Photoshop is the market leader for professional photo editing and design work, and deservedly so, but its dominance in the professional world means it is quite expensive to use.
In recent years Adobe has shifted to a subscription-based service, which does make it reasonably affordable but for some, this price is still too high. This is especially true if you don’t make a living off design work, or only occasionally need to edit photos.
If you do make a living from any form of design work, or perhaps you are an aspiring Instagram Influencer, then I think a Creative Cloud licence is worth it. You can get a year’s access to Photoshop and Lightroom for about £100 on Amazon, and this provides access to the desktop and mobile apps plus online storage. Due to its popularity, there are a huge number of Photoshop tutorials online that allow you to learn the basics onwards to mastering the app. Mastering Photoshop can help with career prospects too, as many companies will use it over the free alternatives below.
However, £100 per annum is very expensive for beginners or the occasional use, so what are the best free alternatives to Photoshop?
It wouldn’t be a Photoshop alternative list without mentioning GIMP. This has been the go-to open source image editor for years, and it is still a great choice. This can do almost anything that Photoshop can.
The full suite of tools is available here – everything you’re accustomed to is within easy reach, including painting tools, colour correction, cloning, selection, and enhancement. The team that oversees development has worked hard to ensure compatibility too, so you’ll be able to work with all the popular file formats without any trouble at all. You’ll also find a very capable file manager built in, similar to Adobe’s Bridge.
Photo Pos Pro
This is one of the best alternatives to Photoshop but the free version is limited to the file size of saved images; therefore this is the second option after GIMP. This has options for dual interfaces one for amateurs and another for advanced users. The novice option puts one-click filters and automatic adjustments at the forefront, while the latter closely resembles Photoshop.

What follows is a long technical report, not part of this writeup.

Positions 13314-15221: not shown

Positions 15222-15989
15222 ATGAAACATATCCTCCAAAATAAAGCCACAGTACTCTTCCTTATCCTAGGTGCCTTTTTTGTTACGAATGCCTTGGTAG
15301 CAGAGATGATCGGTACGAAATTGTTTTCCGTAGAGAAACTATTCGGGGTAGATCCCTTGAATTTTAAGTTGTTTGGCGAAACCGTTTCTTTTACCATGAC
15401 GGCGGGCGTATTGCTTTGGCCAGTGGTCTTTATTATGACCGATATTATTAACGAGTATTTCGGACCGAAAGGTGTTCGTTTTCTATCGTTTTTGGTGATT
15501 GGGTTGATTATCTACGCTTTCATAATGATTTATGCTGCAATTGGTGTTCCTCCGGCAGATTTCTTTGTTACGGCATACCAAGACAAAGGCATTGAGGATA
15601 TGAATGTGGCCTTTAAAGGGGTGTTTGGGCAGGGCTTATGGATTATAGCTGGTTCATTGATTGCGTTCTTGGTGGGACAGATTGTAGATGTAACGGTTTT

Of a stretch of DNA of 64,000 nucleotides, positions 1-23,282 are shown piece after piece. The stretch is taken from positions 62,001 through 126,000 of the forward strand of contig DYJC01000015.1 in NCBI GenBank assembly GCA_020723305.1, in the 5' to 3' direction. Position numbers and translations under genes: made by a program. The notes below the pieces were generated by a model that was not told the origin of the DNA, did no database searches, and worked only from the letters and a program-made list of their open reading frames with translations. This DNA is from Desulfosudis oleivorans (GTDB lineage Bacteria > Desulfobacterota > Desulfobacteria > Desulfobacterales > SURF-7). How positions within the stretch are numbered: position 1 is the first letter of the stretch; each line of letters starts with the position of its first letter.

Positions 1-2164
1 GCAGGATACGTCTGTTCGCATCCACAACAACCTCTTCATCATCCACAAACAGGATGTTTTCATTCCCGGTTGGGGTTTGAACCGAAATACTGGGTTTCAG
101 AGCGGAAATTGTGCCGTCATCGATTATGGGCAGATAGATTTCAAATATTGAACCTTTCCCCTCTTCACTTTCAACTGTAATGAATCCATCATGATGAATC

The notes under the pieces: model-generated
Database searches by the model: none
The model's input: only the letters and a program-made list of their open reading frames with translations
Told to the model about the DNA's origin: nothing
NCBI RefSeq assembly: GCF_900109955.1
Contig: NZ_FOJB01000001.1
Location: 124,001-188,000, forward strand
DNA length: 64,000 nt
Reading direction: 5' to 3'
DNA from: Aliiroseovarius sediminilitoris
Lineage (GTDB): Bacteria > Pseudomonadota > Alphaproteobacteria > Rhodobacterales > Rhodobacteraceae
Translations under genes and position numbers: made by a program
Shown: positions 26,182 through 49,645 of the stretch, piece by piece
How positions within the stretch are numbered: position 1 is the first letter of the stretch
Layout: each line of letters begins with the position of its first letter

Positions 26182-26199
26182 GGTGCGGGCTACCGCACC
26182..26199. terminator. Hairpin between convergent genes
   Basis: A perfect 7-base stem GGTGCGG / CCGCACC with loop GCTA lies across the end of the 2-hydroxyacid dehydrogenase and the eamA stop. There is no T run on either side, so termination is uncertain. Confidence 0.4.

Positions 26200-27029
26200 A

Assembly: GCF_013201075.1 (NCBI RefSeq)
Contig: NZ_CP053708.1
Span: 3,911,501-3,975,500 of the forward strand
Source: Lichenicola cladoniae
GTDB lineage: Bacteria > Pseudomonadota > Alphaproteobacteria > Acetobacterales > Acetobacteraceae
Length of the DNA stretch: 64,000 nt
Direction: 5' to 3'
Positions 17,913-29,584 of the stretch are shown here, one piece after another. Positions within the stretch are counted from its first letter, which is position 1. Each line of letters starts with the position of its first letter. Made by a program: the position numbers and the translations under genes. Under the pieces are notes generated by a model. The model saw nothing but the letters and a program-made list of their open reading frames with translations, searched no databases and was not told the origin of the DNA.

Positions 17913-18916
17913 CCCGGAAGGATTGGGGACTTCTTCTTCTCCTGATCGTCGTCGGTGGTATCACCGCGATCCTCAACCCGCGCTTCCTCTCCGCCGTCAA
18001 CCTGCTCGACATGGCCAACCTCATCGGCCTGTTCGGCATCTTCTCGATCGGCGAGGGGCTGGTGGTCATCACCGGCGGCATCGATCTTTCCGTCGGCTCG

The overall design and user interface is nicer than and more user-friendly than GIMP making this a very appealing option.
Photo Pos Pro offers both layers and layer masks, as well as superb clone and healing brushes. All the expected colour-refining tools are present and correct. There’s support for batch-editing and scripts to save time on routine tasks, you can import images directly from a scanner or camera.
Photo Pos Pro offers plugins in the form of extra frames and templates, and you can create and save your own filters for future use.
If you find you like the program but want access to unlimited file sizes then the premium edition only costs £25 which is a massive saving compared to Photoshop.
This is a web-based app, and I think it is worthy of mention just because a single 28-year-old developer in Prague develops it. He recently did an AMA on Reddit and has implemented a lot of the suggestions he received. He has put over 7000 hours fo work into developing the app which is around 5 hours a day over 3.5 years before adding advertising to his site. In October of last year, the site received around 1.5million visitors.
It is actually a great app too (hence its popularity). Photopea can load popular formats, such as PSD, Sketch, PDF, and SVG which Gimp cannot load.
In terms of features, Photopea offers the Spot Healing brush, Quck Selection, Refine Edge tool, and Liquify filter.
There is no desktop for this app, but you can use the web app and it is available on iOS and Android.
Pixlr is a free Photoshop alternative that boasts more than 600 effects, overlays and borders. It also lets you do all the main things you’d expect from a basic photo editor, from cropping and re-sizing to removing red-eye and whitening teeth.
This isn’t as feature-rich as Photoshop or GIMP, it is more a step up from the basic Paint you find on windows.
For many people this is more than enough, it has a good range of selection tools, support for layers, and adjustments such as curves and brightness/contrast mean that Paint.net is a great alternative to Photoshop for photo editing.
More often than not this is the tool I load up for quick editing of pictures due to the fast load time compared to Photoshop.
Adobe Photoshop Express
For basic editing, you could opt for Photoshop Express which provides a slimmed down but familiar interface to the fully featured Photoshop. Sliders enable you to adjust contrast, exposure and white balance of your photo dynamically, and there are automatic options for one-click adjustments.
It is severely limited with its functionality as there are no layers, plugins, or brush tools, and you can’t crop or resize your pictures. However, it is very good for tweaking photos before sharing them on social media.
This article is written by James Smythe and appeared here.
All the images are collected from here.